Time for Mike Figgis' second experiment with the cinematic possibilities of digital video. Since developing the Timecode split-screen gimmick (used sporadically here), he's discovered the effects button on his Sony PD100 camera, and thumbs it relentlessly. So actors grope in the dark to demonstrate the night film option. Similarly, there are reduced-frame-rate shots, pixillated colour, static-free fast-forward... everything but the pink Happy Birthday border.
Captured on this camera trickery are, in no particular order, cannibalism, lesbian sex, mistaken identity, flamenco dancing, assassination, coma victim sex and the cocks of Rhys Ifans and Max Beesley. There's also a Dogme crew making a film-within-film of a Jacobean tragedy, and a documentary crew filming them. Multiple stabs at Lynchian surreal horror and an improvised script make the film ramble, as plot failings are pasted over by occasional sex and coarse use of gratuitous cameos. Want to wheel Lucy Liu, John Malkovich or Burt Reynolds in for a few moments? That's the one advantage Figgis has over other experimental filmmakers.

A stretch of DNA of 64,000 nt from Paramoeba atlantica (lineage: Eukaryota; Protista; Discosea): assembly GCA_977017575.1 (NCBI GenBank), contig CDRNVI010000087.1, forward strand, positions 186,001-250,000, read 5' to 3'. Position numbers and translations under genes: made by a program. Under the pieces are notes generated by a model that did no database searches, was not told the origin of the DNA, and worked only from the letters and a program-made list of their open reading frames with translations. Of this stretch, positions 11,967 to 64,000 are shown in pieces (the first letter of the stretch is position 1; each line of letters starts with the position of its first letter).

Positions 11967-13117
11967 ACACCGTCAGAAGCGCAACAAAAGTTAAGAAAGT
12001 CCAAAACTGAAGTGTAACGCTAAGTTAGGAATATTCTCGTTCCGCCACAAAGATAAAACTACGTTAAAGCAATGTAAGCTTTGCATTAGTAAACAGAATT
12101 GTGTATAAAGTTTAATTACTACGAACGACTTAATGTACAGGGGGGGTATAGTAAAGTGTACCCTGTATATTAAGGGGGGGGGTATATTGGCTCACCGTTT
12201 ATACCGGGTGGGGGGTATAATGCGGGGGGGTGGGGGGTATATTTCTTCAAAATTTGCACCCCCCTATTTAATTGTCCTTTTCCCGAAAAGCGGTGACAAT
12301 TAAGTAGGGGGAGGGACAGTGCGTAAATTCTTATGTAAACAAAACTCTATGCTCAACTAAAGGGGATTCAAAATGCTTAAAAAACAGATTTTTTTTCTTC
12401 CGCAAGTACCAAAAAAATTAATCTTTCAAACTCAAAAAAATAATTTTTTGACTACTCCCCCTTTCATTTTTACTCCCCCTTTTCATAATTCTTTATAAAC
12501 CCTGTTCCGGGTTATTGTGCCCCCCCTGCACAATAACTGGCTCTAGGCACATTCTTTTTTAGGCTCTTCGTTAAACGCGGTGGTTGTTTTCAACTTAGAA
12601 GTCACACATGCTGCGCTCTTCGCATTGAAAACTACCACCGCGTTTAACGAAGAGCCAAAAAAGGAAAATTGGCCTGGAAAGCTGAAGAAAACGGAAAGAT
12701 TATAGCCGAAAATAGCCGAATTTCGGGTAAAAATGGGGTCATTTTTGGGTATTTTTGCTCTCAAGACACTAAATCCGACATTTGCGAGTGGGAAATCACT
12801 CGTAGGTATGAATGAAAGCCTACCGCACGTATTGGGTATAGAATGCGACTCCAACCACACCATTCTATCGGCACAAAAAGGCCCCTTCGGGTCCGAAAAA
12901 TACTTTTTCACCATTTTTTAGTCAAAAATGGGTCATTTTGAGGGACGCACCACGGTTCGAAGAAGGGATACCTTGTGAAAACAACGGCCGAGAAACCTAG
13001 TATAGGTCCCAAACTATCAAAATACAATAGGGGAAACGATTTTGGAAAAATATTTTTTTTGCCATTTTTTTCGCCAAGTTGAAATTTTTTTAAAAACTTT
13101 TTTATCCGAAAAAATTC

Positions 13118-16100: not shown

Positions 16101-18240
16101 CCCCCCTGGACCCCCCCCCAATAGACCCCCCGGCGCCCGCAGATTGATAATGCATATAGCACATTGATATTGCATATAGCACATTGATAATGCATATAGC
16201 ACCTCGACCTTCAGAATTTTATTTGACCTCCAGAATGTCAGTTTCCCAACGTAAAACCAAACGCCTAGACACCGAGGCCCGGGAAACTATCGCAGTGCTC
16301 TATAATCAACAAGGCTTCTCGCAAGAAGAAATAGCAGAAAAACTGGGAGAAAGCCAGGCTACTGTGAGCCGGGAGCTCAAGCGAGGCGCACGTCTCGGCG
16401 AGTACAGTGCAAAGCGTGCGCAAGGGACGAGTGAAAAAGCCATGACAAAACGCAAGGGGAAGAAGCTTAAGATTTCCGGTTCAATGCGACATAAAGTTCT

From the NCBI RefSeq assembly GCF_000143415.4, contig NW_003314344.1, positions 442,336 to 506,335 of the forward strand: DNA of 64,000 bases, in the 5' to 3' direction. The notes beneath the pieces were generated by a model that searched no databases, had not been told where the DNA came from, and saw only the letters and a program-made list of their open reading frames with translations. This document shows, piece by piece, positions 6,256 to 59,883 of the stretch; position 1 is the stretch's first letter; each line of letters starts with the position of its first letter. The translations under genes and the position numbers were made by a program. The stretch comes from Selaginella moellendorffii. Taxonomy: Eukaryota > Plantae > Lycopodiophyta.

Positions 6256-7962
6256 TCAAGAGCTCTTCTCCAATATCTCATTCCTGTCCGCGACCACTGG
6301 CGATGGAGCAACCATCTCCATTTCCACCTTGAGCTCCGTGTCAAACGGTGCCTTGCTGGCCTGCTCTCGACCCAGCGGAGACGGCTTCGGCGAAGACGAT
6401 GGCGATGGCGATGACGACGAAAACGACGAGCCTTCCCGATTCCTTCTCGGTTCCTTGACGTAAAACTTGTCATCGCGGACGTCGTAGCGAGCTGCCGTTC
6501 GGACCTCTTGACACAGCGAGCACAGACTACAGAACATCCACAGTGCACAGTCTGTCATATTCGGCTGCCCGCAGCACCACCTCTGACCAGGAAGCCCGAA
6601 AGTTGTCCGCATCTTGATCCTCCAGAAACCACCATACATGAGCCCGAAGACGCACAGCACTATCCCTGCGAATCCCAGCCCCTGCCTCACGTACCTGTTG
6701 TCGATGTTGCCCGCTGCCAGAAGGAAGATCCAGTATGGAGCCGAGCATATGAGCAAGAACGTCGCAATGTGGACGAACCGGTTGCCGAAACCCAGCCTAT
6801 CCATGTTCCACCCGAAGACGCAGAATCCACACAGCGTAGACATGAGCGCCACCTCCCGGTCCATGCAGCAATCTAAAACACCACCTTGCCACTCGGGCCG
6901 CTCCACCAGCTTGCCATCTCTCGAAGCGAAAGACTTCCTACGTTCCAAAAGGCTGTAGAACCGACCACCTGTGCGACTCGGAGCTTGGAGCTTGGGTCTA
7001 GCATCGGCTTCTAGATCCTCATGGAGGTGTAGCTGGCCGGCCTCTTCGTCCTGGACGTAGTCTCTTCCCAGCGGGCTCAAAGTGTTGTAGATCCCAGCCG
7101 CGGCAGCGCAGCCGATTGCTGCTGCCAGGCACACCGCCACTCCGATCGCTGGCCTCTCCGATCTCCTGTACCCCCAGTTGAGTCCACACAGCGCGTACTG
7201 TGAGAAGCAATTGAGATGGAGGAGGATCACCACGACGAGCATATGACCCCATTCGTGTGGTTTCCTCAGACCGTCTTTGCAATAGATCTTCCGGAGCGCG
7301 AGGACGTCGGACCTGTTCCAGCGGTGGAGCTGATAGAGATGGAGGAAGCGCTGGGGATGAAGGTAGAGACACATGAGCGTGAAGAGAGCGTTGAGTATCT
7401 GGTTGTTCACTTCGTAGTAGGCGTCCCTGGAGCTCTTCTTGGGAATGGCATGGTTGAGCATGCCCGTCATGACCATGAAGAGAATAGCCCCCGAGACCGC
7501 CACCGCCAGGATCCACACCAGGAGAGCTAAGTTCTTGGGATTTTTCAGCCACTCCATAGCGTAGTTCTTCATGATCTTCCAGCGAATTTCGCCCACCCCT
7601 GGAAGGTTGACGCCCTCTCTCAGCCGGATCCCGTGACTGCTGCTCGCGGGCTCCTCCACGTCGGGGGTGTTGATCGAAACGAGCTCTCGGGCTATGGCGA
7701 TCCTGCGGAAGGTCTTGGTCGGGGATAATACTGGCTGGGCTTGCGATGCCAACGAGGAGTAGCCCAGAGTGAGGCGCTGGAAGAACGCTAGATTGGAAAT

There's a sense that Timecode and Hotel are moving the director towards some epiphany in anti-Hollywood DV filmmaking. But until he reaches it, these plot-free experiments in form will inevitably be appreciated by a limited audience of film buffs and reviled by the entertainment-hungry masses.